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  1. #1
    Junior Member Loretta Green's Avatar
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    Blue Moon Rising

    This is my first post. It is a short story I'm working on. Let me know how the story feels. Is it to melodramatic? I'll take any critiques. I'm here to become a better writer.


    Blue Moon Rising
    By
    Loretta Green



    It was a Tuesday night when the stagnant heat settled over the island in a blackout caused by an overloaded grid. It was hot, and hot again. Blindly hot. Sucking the breath out of the remaining tourists, itching the locals. Wriggling crooked cops and waifs alike up out of the underbelly and gravitating them over to Dahlia's place.

    Far away from the swank nightclubs and boardwalks, Dahlia's was the seediest bar on the island. It's owner, Dahlia Huntley had a cynical heart. She wore a patch over her missing eye, and donned combat boots and army fatigues belted with a bandana where she carried a machete. It was said that she chopped off the pinkie of a grifter trying to make a score off one of her regulars.

    It was this particular Tuesday, with Dahlia's place lit by candle light and Santana playing “Black Magic Woman” on the old transistor radio, that a ruggedly handsome stranger in his forties walked in looking like a younger Harrison Ford. He caught Dahlia's eye when he sat at the table strategically placed closest to the exit, yet still able to survey the entire room. Her father's table.

    Dahlia brought a bottle of Bourbon and shot glass over to the table as a brawl broke out and a chair was smashed on the rafter above her head, “It's the heat,” She told the stranger as she turned a chair backwards and straddled it like a man, “It boils the blood.”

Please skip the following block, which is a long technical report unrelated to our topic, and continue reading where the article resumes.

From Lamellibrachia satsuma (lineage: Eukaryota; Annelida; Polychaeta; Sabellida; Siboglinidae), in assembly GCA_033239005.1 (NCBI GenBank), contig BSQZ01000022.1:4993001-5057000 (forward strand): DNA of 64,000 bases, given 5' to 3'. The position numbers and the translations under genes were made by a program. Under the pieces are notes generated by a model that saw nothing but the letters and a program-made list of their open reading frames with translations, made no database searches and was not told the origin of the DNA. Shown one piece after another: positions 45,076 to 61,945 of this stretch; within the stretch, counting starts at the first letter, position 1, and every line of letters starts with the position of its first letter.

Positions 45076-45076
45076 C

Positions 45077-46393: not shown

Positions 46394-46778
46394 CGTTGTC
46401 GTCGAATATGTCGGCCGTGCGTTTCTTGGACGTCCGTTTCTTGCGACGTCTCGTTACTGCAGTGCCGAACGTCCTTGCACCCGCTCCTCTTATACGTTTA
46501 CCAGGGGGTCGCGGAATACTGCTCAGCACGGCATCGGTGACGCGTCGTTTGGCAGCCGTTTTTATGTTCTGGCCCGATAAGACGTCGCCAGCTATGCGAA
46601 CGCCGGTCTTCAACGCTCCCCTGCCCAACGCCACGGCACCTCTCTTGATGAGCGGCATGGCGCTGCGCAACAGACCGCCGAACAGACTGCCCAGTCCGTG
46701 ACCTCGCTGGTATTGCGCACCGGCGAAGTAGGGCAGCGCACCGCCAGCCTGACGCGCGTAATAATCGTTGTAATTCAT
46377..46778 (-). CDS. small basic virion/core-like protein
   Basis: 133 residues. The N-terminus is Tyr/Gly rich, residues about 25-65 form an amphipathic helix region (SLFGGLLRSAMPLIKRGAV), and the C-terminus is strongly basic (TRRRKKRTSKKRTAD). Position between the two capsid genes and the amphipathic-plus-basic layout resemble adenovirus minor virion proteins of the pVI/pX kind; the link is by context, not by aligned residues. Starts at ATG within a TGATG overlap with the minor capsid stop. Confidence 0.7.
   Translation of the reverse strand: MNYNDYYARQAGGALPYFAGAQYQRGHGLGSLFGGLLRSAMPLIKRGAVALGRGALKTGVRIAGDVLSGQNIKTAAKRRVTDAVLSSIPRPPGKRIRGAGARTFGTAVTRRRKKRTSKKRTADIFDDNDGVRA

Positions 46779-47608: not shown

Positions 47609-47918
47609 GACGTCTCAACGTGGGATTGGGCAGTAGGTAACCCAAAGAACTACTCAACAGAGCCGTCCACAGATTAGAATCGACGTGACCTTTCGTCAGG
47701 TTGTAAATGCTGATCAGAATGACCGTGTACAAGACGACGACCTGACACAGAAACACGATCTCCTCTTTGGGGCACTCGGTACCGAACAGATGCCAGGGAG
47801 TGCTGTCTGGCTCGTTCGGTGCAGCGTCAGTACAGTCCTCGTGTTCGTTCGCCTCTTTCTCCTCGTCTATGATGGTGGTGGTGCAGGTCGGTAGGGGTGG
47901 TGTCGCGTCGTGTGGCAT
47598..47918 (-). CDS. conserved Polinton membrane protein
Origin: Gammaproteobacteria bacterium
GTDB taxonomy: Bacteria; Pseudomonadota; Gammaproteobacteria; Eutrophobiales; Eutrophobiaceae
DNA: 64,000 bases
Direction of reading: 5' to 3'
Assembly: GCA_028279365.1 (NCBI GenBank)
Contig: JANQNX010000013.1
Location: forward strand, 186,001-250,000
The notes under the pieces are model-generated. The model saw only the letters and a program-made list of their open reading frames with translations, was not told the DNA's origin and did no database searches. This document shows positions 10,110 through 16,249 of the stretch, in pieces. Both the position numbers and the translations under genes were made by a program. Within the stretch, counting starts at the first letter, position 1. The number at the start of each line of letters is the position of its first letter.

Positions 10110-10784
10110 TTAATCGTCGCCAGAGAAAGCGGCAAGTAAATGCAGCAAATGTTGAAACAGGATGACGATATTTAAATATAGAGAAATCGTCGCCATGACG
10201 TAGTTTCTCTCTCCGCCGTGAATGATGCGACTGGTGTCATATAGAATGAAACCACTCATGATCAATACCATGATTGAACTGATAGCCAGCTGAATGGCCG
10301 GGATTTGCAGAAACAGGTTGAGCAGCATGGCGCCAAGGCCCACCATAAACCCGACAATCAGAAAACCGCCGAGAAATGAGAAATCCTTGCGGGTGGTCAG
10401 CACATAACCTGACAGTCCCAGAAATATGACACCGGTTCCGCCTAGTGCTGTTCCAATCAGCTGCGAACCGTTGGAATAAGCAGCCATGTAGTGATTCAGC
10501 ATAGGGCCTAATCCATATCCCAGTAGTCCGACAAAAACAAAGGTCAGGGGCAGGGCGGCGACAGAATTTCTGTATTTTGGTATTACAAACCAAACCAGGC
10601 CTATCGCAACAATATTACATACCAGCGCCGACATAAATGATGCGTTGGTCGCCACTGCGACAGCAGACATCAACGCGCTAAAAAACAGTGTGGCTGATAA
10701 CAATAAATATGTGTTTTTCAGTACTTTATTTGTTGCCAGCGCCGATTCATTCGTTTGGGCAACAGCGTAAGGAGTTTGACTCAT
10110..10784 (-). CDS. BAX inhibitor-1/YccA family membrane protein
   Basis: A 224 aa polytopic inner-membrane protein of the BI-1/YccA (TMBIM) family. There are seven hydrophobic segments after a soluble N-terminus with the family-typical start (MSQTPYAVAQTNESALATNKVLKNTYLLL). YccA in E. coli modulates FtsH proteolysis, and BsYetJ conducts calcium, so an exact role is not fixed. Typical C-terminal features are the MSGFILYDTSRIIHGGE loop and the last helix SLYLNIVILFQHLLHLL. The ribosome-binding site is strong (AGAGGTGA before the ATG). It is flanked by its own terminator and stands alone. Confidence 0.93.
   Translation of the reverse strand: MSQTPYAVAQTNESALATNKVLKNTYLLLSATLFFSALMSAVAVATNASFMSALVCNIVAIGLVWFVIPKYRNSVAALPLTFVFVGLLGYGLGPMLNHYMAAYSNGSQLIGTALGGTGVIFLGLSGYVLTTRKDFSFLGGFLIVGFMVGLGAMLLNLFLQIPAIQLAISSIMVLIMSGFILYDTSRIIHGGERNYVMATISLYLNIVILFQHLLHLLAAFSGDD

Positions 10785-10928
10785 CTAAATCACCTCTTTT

“How did you know I drink Bourbon?” He asked, popping the cork and pouring a shot.
    “Because you sat at this table, you're a cautious man. Cautious men drink Bourbon.”
    “I was told to sit at this table.”
    “Told by whom?”
    There was a twinkle in Harrison Ford's eyes, “Like you said, I'm cautious.”
    “Touche.” She said, “But if you're here to see Donovan Huntley, he's not seeing anyone tonight.”
    “I'm not here to see your father, I'm here to see you.” He said.
    “And you are?”
    He raised an eyebrow.
    “Right,” She said, “Cautious.” She leaned in and gulped the shot he had poured, “Then, I shall call you Max.”
    “Why Max?” He asked.
    “I had a dog named Max once. He was cautious too.”
    He leaned in and matched her dangerously flirtatious stare, “So Dahlia, what did happen to your eye?”
    She stiffened. He was trying to make her wobble off guard, she knew. She placed her hand on the machete and raised her eyebrow in warning, “Max turned on me. I had to slit his throat.” She poured and gulped another shot, “This is getting old, Max. What is it that I can do you for?”
    Max slid his chair closer, turning his back on the rest of the bar for the first time. He whispered onto Dahlia's cheek, “The Blue Moon.” He said, “The fat man has it, I want it, and your going to steal it.”

    Dahlia did wobble this time. The Blue Moon was a 5.16 karat trillion cut, blue diamond that went missing from Weatherly's auction house in the states. Worth over 5.5 million. She knew it well. Her laugh was a little too exaggerated, “What makes you think I would or could steal anything for you?”
    “Because you're the one who stole it from Weatherly's.”
    Her good eye turned steely hard, she tried not to flinch. “Who are you?”
    “I'm an insurance investigator. I've spent the last year and a half tracking the Blue Moon, and you down.”
    Dahlia smiled wide. “If you could prove it was me, I would already be in custody.”
    “I don't think you understand,” He said, “I don't want to turn you in. I want you to steal the diamond back from the man you sold it to, the Fat man. You return the diamond to me, I return it to the rightful owner and collect the finders fee from him and double my commission from the insurance company. I'm not a greedy man, I will even through you a bone for your trouble.”

    Dahlia's laugh was more nervous this time, set on edge by the look in Max's eyes. The look of a man with an ace up his sleeve. “And if I refuse?”



  2. #2